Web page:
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Home >Companies >How serious is JPMorgan’s $2.5 trillion green ambition?

One of the world’s largest financiers of fossil fuels just bought a company that oversees 1.7 million acres of forest in the U.S., Chile and New Zealand. Is that enough to make it green? The rest of Wall Street may hope so, but the reality is uncertain.

Earlier this month, JPMorgan Chase & Co.’s $2.5 trillion asset management arm announced the acquisition of Campbell Global LLC, a Portland, Oregon-based investment manager that focuses on timberland, forestry and natural resources. The bank says the deal gives it an “active role" in the booming market for carbon offsets, which help companies compensate for emissions generated elsewhere in their operations by doing things like planting trees or buying credits.

A wide range of industries have made such pledges, from Big Oil to Big Tech. But these ambitions are perhaps nowhere more important than the banking sector, largely because financial institutions are force multipliers. Every dollar of capital lenders have to put into the economy goes farther with leverage. While the financial crisis demonstrated the danger of this phenomenon, green financing could prove its virtue. In April, Chairman and Chief Executive Officer Jamie Dimon said JPMorgan would “finance and facilitate" more than $2.5 trillion over 10 years to advance climate change efforts.

Yet as big and bold as these commitments sound, they’re also a bit vague. Carbon offset markets don’t so much lessen or deter activities that add to global warming, but neutralize them with projects that seek to remove carbon dioxide from the atmosphere. That means emitters lack incentives to change behavior expediently, if ever. It's difficult for banks to hold the companies they deal with accountable, while quantifying just how much skin lenders themselves have in the game can amount to guesswork.

The move to buy Campbell Global is a good example. JPMorgan isn't using its own balance sheet to invest in timberland, but rather managing money for third-party investors that want to put their capital to work in green-focused areas. By contrast, consider how much of its balance sheet lending goes directly toward carbon-intensive businesses: Last year, JPMorgan found that 20%, or about $228 billion, of its wholesale credit exposure went toward sectors such as autos, chemicals, and oil and gas, according to the results of a pilot exercise detailed in its ESG report. The bank said that it intends to conduct a deeper analysis.

Since the adoption of the Paris Agreement in 2015, more than three dozen banks globally have provided $2.7 trillion in lending and underwriting to the fossil fuel industry, according to a report put together by a coalition of environmental groups. JPMorgan was the first to “blow past the quarter-trillion dollar mark in post-Paris fossil financing." Yet the New York bank is by no means alone. If global lenders want their climate pledges to sound credible, they will have to start figuring out what to do with their existing book of business, which, at the current rate, is causing significant damage to the environment.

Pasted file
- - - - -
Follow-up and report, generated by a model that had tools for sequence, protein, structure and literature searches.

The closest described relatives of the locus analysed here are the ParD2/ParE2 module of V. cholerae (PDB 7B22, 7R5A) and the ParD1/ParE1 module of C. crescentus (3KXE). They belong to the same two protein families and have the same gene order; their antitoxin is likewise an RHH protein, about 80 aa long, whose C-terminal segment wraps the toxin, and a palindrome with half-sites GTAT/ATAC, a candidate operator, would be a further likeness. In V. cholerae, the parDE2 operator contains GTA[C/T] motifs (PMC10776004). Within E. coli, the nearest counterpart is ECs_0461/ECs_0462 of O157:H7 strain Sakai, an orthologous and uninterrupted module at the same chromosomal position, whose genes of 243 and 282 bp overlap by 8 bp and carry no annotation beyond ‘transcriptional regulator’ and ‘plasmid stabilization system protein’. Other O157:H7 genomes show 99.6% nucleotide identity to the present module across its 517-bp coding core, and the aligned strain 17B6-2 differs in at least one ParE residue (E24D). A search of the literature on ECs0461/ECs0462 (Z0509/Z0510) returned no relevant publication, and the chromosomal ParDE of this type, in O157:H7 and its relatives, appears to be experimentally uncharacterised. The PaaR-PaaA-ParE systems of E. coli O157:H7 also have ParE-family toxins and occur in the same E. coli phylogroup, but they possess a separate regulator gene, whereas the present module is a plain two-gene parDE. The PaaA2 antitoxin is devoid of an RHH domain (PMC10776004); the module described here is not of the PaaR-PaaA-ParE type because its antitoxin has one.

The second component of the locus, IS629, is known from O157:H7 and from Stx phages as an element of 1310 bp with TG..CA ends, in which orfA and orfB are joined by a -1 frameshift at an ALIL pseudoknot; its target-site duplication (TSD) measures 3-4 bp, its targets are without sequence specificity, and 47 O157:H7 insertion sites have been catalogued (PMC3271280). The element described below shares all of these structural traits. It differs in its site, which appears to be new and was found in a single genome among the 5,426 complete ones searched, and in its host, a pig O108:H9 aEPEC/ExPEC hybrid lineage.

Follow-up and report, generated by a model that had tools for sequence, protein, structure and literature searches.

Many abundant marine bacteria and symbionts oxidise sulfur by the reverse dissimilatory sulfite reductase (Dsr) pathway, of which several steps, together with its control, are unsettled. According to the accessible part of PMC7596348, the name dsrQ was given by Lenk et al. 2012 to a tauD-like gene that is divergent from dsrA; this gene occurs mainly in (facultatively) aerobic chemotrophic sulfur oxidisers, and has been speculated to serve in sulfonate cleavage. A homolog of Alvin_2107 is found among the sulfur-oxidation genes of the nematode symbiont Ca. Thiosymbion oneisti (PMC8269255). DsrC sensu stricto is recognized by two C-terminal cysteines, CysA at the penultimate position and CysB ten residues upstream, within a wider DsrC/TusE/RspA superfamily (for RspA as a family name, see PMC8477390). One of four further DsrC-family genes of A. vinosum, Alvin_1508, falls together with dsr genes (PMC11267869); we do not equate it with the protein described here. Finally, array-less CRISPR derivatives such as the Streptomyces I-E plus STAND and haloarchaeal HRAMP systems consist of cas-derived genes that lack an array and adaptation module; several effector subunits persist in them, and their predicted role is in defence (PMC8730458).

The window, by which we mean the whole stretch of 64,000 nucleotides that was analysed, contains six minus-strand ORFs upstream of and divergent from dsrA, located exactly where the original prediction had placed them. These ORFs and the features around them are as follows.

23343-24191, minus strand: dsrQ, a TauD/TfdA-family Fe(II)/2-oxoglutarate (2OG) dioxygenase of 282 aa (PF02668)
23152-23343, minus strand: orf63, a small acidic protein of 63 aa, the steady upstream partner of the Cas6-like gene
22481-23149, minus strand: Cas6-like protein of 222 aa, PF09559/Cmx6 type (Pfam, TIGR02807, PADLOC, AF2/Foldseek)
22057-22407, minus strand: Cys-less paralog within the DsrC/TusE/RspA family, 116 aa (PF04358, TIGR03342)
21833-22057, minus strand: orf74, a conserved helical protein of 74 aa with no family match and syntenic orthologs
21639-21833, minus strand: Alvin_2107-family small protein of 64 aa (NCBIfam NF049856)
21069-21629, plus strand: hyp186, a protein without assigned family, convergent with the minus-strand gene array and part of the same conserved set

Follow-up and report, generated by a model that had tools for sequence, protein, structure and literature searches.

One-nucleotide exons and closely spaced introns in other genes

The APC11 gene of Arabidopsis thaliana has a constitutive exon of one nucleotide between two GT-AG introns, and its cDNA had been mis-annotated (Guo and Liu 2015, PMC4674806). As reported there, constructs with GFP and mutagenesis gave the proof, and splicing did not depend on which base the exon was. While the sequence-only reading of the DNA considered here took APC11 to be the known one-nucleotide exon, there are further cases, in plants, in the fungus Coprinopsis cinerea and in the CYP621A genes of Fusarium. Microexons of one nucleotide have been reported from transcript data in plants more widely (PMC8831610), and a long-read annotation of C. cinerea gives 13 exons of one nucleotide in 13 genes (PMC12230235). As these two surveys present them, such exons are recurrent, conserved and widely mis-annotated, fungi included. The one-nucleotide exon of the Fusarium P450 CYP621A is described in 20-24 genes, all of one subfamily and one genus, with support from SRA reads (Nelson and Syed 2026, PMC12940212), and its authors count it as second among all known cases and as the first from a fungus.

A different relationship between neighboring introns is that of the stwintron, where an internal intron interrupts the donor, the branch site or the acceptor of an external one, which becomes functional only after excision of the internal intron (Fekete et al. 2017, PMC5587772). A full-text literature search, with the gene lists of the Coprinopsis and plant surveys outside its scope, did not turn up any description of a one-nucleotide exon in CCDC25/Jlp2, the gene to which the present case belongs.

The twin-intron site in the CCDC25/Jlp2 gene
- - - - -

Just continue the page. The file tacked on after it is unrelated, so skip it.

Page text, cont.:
Cutting off credit to emitters is an obvious, albeit complicated, solution, but not the only one. Boosting advisory services for environmental governance and adding loan covenants to make sure borrowers stay below emission thresholds would also help. Shareholders can then decide if they want to reward that business model.

Financial institutions are aware the moment of reckoning has arrived. In its latest annual filing, JPMorgan noted that it faced reputational risks that could harm its business: “social and environmental activists are increasingly targeting financial services firms such as [the bank] with public criticism for their relationships with clients that are engaged in certain sensitive industries."

Meanwhile, regulators are focusing on ESG, too. The U.S. Securities and Exchange Commission concluded a public comment period recently on climate change disclosure, and the New York State Department of Financial Services has raised warnings about the impact of a warming planet on the financial system, amplifying the ESG rhetoric on Wall Street.

But banks can’t wait for rules to be made for them. It’s time for Wall Street to come up with solutions the best way it knows how: taking risks. Cutting off lending to the worst offenders and accelerating it toward green energy would be a worthwhile place to start.

This column does not necessarily reflect the opinion of the editorial board or Bloomberg LP and its owners.

Anjani Trivedi is a Bloomberg Opinion columnist covering industrial companies in Asia. She previously worked for the Wall Street Journal.

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